Capitals

Key Caps questions: Will Wilson make more headlines for his goals or his fists?

Capitals

The dog days of summer are officially here, but it's never too hot to talk some hockey.

Capitals Insider Tarik El-Bashir and Capitals correspondent JJ Regan are here to help you through the offseason doldrums. They will discuss key questions facing the Caps for the upcoming season as Washington prepares to defend its title for the first time in franchise history.

Today's question: Will Tom Wilson make more headlines this season for his offense or physical play?

Tarik: Tom Wilson is coming off his best season to date—and he’s about to get paid.

In 2017-18, the 24-year-old power forward established career highs in goals (14), assists (21), points (35), plus/minus (+10), penalty minutes (187) and ice time per game (15:59), while finding a home on Alex Ovechkin’s line. He also ranked fourth in both hits (250) and penalties drawn per 60 minutes (1.78).

In 21 playoff games, Wilson was one of the Caps’ most productive players, racking up five goals and 10 assists.

It was a pretty good year, indeed.

But it wasn’t a perfect one.

Wilson was also assessed a league-leading 41 minor penalties. And then there were the run-ins with the Department of Player Safety. In all, Wilson was suspended three times, including a three-game ban in the playoffs, for hits the league deemed illegal.

That last part, to me, is what makes Wilson such a difficult player to assess at this point in his development.

The arrow is pointing up in so many areas. His offensive game is coming, as evidenced by the sharp uptick in his point production last season. He fills an important and difficult role on the Caps: skating on the right side of a line with Ovechkin and Evgeny Kuznetsov. He's become a quality PKer. He puts opponents’ heads on a swivel, opening up space for his skilled linemates. He draws a ton of penalties, putting the Caps’ potent power play on the ice. He’s got leadership qualities, too.

 

But he’s also in George Parros’ crosshairs…and one questionable hit away from a potentially lengthy suspension.

Wilson MUST play with an edge to be effective. It’s his game. It’s in his DNA as a player. But it’s also critical that he develop a better feel for the fine line that separates a clean, hard, intimidating hit from one that’ll get flagged by the DPoS.

It’s his biggest challenge going forward.

I’m optimistic that he’ll make the necessary adjustments. Why? He’s a smart guy. He studies the game. He asks questions. And, if he's being honest with himself, I suspect he knows he’s got to dial it back, even if just a bit.

If he does, he’ll be making headlines for the right reasons next winter because Wilson hasn't hit his ceiling yet.

JJ: Let's consider first who we are talking about. This is not a Donald Brashear, Georges Laraque type of player who can fight and do little else. Wilson is a first-round draft pick and an important player to the Capitals. As Tarik mentions above, he set career highs in just about every offensive statistic last season. But if you want to really gauge his importance to the team, look at what happened when he was suddenly taken out of the lineup.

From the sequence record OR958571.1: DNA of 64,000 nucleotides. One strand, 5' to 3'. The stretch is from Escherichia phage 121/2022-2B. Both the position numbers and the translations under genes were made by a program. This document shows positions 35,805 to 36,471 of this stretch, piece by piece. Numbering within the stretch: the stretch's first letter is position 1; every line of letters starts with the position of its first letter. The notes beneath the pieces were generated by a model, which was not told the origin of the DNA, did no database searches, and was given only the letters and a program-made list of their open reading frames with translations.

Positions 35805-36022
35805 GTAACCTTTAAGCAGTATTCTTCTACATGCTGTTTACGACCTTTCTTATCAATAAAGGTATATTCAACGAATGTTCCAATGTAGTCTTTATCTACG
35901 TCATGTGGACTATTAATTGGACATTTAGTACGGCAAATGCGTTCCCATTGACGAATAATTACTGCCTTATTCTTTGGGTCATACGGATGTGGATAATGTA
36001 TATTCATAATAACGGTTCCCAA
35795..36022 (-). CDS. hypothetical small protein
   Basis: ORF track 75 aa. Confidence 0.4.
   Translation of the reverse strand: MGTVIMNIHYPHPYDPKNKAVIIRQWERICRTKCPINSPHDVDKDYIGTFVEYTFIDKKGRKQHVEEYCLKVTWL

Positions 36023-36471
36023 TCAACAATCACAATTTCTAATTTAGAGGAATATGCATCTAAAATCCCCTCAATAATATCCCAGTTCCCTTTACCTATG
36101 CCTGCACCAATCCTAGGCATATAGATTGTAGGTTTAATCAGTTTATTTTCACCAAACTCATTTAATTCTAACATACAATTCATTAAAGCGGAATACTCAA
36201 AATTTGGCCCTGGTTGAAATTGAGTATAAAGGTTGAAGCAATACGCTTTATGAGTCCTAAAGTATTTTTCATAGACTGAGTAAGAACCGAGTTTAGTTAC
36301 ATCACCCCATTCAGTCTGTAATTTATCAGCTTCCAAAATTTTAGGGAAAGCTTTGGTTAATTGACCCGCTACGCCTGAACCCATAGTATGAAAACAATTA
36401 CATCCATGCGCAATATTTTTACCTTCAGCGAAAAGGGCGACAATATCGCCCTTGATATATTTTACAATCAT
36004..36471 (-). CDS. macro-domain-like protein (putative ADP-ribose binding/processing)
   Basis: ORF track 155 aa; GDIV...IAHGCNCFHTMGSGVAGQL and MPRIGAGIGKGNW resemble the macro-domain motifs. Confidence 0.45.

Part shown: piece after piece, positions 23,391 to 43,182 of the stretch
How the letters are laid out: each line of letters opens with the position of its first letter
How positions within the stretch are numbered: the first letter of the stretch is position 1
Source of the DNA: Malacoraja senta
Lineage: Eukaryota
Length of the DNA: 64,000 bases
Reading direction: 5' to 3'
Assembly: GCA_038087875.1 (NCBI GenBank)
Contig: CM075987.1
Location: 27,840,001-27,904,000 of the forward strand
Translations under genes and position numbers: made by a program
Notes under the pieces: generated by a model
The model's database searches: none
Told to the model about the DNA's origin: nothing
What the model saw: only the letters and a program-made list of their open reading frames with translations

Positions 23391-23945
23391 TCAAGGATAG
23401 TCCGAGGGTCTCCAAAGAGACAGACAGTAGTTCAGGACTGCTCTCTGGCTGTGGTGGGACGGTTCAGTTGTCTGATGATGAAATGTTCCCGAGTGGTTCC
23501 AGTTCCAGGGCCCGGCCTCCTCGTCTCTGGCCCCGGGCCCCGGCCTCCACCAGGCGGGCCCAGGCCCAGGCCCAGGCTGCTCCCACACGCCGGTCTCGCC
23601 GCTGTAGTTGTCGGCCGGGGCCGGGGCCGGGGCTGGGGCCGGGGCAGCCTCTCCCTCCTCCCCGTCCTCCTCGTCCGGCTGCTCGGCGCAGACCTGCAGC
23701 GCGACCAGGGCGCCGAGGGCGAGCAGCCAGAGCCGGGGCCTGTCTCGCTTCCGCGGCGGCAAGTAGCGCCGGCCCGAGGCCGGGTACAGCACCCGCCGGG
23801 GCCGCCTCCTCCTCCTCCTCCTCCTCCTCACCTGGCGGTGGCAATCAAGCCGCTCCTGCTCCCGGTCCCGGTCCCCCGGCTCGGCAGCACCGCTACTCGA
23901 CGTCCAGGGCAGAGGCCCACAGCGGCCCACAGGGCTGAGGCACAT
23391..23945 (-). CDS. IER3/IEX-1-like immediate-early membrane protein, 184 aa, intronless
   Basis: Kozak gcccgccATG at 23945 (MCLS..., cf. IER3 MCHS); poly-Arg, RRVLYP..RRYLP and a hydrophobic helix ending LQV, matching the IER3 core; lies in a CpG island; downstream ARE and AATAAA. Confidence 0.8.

When Wilson was suspended three games in the playoffs for his hit to Zach Aston-Reese, Barry Trotz struggled to find someone to plug in on the top line. Devante Smith-Pelly was not a good fit while Jakub Vrana's offensive style left the line imbalanced and offense-heavy.

Wilson is not going to be a top point producer in the league, but he showed with 35 points last season that he is not simply an offensive anchor weighing the top line down. He's a good fit with Ovechkin and Kuznetov and we should expect to see him start the season there.

But can Wilson stay out of his own way when it comes to drawing the ire of the Department of Player Safety?

Prior to last season, you could defend Wilson because he had never been suspended and was not considered a repeat offender. Well, you can't use that argument anymore after he was suspended three times last season. The opposing players know who he is, the referees know who he is and everyone is watching.

Here's why I am not concerned. Wilson was suspended in the preseason and said he was not going to change his game. Another preseason incident cost him the first four games of the regular season and Wilson very quickly changed his tune. It looked like it was going to be a rocky season, but he was not suspended again for the entire regular season. It only became an issue again once the playoffs came around and emotions ran high.

 

Wilson studies the game and the DoPS very closely in order to keep his game just on the right said of legal. His biggest issue seems to be controlling himself when the playoffs roll around. But when it comes to the regular season, a top-line Wilson is poised for another big offensive season. He will drop the gloves a time or two, but I do not anticipate him getting into too much trouble with the league over the course of the season.

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